1. Colin Goldblatt, Tyler D. Robinson, Kevin J. Zahnle, David Crisp. Low simulated radiation limit for runaway greenhouse climates. Nature Geoscience, 2013; 6 (8): 661 DOI: 10.1038/ngeo1892

Cite This Page:

University of Washington. "Planetary 'runaway greenhouse' more easily triggered, research shows." ScienceDaily. ScienceDaily, 30 July 2013. <www.sciencedaily.com/releases/2013/07/130730163146.htm>.
University of Washington. (2013, July 30). Planetary 'runaway greenhouse' more easily triggered, research shows. ScienceDaily. Retrieved November 29, 2014 from www.sciencedaily.com/releases/2013/07/130730163146.htm
University of Washington. "Planetary 'runaway greenhouse' more easily triggered, research shows." ScienceDaily. www.sciencedaily.com/releases/2013/07/130730163146.htm (accessed November 29, 2014).

Share This


More From ScienceDaily



More Space & Time News

Saturday, November 29, 2014

Featured Research

from universities, journals, and other organizations


Featured Videos

from AP, Reuters, AFP, and other news services

Scientists Find Invisible Space Shield Protecting Earth

Scientists Find Invisible Space Shield Protecting Earth

Newsy (Nov. 27, 2014) An invisible barrier is keeping dangerous super fast electrons from interfering with our atmosphere, but scientists aren't entirely sure how. Video provided by Newsy
Powered by NewsLook.com
NASA's First 3-D Printer In Space Creates Its First Object

NASA's First 3-D Printer In Space Creates Its First Object

Newsy (Nov. 26, 2014) The International Space Station is now using a proof-of-concept 3D printer to test additive printing in a weightless, isolated environment. Video provided by Newsy
Powered by NewsLook.com
Feast Your Eyes: Lamb Chop Sent Into Space from UK

Feast Your Eyes: Lamb Chop Sent Into Space from UK

Reuters - Light News Video Online (Nov. 25, 2014) Take a stab at this -- stunt video shows a lamb chop's journey from an east London restaurant over 30 kilometers into space. Rough Cut (no reporter narration). Video provided by Reuters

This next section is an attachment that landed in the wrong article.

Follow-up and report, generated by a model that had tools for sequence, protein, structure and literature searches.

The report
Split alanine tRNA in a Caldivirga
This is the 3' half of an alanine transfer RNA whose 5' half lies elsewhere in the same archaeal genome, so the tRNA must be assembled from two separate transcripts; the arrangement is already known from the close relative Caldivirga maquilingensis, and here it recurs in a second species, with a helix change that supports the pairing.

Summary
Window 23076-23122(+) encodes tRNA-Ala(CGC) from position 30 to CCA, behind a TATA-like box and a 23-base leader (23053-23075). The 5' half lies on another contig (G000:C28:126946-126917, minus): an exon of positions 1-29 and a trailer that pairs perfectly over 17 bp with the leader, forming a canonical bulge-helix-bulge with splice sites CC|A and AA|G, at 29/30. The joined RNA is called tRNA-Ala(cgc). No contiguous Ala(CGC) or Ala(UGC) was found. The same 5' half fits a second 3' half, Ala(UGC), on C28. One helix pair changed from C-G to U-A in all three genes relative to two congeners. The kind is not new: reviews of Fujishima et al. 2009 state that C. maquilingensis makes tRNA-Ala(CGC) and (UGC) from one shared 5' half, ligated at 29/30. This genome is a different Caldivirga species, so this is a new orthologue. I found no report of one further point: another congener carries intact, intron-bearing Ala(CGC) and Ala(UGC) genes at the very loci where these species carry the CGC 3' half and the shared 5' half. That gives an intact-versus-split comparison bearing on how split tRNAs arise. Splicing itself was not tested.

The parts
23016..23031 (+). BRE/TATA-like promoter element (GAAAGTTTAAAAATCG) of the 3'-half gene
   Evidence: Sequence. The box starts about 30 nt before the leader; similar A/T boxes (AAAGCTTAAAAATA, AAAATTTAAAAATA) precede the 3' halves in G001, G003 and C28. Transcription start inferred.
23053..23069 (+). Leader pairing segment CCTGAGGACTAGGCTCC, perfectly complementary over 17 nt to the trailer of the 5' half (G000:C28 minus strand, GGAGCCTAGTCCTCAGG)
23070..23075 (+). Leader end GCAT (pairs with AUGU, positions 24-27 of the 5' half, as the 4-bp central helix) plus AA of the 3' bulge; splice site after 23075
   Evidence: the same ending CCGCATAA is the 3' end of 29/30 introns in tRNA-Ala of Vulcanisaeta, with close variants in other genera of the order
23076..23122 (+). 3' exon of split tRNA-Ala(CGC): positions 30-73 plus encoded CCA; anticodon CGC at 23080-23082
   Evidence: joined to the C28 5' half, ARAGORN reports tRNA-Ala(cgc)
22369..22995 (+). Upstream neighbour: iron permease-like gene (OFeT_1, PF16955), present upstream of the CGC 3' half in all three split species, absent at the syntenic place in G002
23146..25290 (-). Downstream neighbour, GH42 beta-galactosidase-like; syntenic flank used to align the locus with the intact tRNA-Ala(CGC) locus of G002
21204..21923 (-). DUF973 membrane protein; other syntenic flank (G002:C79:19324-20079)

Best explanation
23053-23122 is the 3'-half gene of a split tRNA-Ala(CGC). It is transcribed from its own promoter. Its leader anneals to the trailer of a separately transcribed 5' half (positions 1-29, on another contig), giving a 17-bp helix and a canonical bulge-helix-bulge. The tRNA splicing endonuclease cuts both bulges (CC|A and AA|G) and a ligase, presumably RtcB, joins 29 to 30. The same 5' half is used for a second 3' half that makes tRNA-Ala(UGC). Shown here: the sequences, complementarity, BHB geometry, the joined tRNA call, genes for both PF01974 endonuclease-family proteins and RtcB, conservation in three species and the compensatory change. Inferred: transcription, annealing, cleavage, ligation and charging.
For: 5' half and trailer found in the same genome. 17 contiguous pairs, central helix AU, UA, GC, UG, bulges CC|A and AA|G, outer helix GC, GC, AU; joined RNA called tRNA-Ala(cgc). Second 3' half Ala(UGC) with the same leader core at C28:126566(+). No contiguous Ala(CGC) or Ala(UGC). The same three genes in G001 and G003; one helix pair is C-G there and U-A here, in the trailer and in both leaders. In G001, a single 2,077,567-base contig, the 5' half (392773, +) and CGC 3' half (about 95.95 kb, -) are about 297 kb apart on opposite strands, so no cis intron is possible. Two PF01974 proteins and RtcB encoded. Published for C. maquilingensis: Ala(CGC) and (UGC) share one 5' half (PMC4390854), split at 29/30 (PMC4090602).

Powered by NewsLook.com
Soyuz Spacecraft Docks With International Space Station: NASA

Soyuz Spacecraft Docks With International Space Station: NASA

AFP (Nov. 24, 2014) A Russian Soyuz spacecraft carrying Italy's first female astronaut safely docks with the International Space Station, according to NASA. Duration: 00:40 Video provided by AFP
Powered by NewsLook.com

Search ScienceDaily

Number of stories in archives: 140,361

Find with keyword(s):
Enter a keyword or phrase to search ScienceDaily for related topics and research stories.

Save/Print:
Share:

Breaking News:

Strange & Offbeat Stories


Space & Time

Matter & Energy

Computers & Math

In Other News

... from NewsDaily.com

Science News

Health News

Environment News

Technology News



Save/Print:
Share:

Free Subscriptions


Get the latest science news with ScienceDaily's free email newsletters, updated daily and weekly. Or view hourly updated newsfeeds in your RSS reader:

Get Social & Mobile


Keep up to date with the latest news from ScienceDaily via social networks and mobile apps:

Have Feedback?


Tell us what you think of ScienceDaily -- we welcome both positive and negative comments. Have any problems using the site? Questions?
Mobile: iPhone Android Web
Follow: Facebook Twitter Google+
Subscribe: RSS Feeds Email Newsletters
Latest Headlines Health & Medicine Mind & Brain Space & Time Matter & Energy Computers & Math Plants & Animals Earth & Climate Fossils & Ruins